Egyptian court acquits one of Mubarak's closest aides
A Cairo court has acquitted one of deposed Egyptian president Hosni Mubarak's closest aides in a retrial of a corruption case, state news agency MENA reported on Saturday.
While courts have previously absolved several Mubarak-era officials, they have been handing down lengthy sentences to liberal and Islamist activists in cases ranging from protesting to committing acts of violence.
Zakaria Azmi, Mubarak's former chief of staff, was sentenced to seven years in prison in 2012 and fined 36.4 million Egyptian pounds ($2.3mn at present rates) on charges of making illegal gains.
In 2013, the appeals court ordered a retrial in that case and a separate criminal court ordered his release.
The acquittal comes a month after the anniversary of the day in 2011 when protesters began to gather in Cairo's Tahrir Square demanding an end to Mubarak's 30-year rule.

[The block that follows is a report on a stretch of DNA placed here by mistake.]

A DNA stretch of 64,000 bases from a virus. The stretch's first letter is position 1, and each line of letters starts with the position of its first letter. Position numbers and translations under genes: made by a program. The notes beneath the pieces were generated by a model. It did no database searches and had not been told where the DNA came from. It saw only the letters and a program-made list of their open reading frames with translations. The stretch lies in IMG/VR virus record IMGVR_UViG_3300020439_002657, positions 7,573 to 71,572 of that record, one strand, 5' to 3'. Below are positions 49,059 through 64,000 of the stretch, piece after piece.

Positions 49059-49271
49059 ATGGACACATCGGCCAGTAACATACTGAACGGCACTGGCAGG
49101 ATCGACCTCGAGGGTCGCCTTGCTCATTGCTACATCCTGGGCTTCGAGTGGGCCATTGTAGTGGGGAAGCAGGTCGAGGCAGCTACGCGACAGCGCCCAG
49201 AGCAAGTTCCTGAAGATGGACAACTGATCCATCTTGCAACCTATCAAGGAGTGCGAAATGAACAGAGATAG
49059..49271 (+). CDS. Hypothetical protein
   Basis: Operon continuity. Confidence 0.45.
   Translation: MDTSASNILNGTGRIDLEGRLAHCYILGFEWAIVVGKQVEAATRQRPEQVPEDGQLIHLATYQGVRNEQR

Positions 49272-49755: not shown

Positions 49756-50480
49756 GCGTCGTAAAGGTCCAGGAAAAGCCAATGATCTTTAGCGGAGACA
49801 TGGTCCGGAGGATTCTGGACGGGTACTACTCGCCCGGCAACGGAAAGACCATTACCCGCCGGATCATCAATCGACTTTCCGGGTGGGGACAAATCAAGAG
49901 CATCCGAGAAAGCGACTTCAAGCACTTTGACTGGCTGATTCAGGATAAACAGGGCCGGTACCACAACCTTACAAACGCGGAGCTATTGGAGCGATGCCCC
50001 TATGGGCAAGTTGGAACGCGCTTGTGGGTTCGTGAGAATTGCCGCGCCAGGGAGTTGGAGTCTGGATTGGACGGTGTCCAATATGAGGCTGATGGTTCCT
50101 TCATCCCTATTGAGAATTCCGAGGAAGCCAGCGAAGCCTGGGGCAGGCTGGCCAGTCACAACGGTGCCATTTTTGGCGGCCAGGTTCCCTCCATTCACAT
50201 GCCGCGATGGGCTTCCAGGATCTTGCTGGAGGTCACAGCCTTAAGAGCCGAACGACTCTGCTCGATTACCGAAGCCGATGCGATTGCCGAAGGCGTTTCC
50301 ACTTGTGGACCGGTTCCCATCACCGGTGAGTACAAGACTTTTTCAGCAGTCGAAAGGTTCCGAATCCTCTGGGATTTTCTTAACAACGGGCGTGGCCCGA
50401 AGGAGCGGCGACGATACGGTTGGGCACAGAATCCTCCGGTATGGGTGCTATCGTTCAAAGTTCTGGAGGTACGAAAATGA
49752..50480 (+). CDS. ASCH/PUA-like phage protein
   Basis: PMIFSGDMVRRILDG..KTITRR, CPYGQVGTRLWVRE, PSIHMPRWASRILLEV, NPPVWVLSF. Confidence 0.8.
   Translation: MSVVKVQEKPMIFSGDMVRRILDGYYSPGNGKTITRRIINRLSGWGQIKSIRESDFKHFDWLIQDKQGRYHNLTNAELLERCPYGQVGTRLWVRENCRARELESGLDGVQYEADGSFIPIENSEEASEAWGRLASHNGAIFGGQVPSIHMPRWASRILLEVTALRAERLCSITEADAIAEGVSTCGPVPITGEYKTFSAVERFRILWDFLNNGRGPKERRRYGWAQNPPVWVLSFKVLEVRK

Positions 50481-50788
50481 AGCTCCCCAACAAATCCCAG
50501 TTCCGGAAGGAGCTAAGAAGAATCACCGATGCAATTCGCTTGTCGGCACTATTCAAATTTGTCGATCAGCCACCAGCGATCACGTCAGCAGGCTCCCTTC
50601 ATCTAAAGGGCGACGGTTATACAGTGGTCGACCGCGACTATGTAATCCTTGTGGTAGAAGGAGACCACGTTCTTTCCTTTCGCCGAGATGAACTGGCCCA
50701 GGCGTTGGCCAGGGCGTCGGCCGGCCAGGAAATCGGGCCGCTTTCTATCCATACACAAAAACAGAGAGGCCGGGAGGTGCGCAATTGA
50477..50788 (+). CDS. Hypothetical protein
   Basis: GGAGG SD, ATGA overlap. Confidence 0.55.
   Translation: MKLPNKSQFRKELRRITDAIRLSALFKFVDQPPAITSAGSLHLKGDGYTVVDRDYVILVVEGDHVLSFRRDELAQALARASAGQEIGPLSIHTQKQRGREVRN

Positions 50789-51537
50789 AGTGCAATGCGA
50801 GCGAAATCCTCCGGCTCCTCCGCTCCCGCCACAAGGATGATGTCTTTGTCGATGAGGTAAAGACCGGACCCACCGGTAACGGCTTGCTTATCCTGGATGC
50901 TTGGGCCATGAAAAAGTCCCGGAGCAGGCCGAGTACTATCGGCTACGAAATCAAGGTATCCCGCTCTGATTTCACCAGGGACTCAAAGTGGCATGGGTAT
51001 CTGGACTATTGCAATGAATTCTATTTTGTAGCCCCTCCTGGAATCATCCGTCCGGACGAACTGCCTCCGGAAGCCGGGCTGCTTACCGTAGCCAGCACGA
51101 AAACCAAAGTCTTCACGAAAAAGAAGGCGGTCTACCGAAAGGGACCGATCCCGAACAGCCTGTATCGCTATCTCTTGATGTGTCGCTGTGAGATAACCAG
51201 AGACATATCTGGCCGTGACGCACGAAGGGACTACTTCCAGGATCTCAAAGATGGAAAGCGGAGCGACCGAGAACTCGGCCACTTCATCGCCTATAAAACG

For 18 days, hundreds of thousands demonstrated in a makeshift tent camp, denouncing social inequalities, government corruption and police abuse, and calling for democratic reforms.
Under increasing pressure, Mubarak resigned on 11 February. He continues to be held at a military hospital on the outskirts of Cairo.
Critics have accused present President Abdel Fattah al-Sisi of cracking down on freedoms won during the revolt since the former army chief toppled Mubarak's successor, Islamist Mohamed Morsi, and of showing lenience to former officials in the Mubarak administraion.
Years of political turmoil and an Islamist insurgency that has killed hundreds of soldiers and police since Morsi's overthrow have taken a toll on Egypt's economy.
Sisi, whose government last year secured a $12bn loan from the International Monetary Fund, has promised further efforts to revive the economy.
"We will continue to reform the economy, build massive development projects throughout Egypt, support small and medium-sized projects, and improve the domestic and foreign investment climate," Sisi said last month.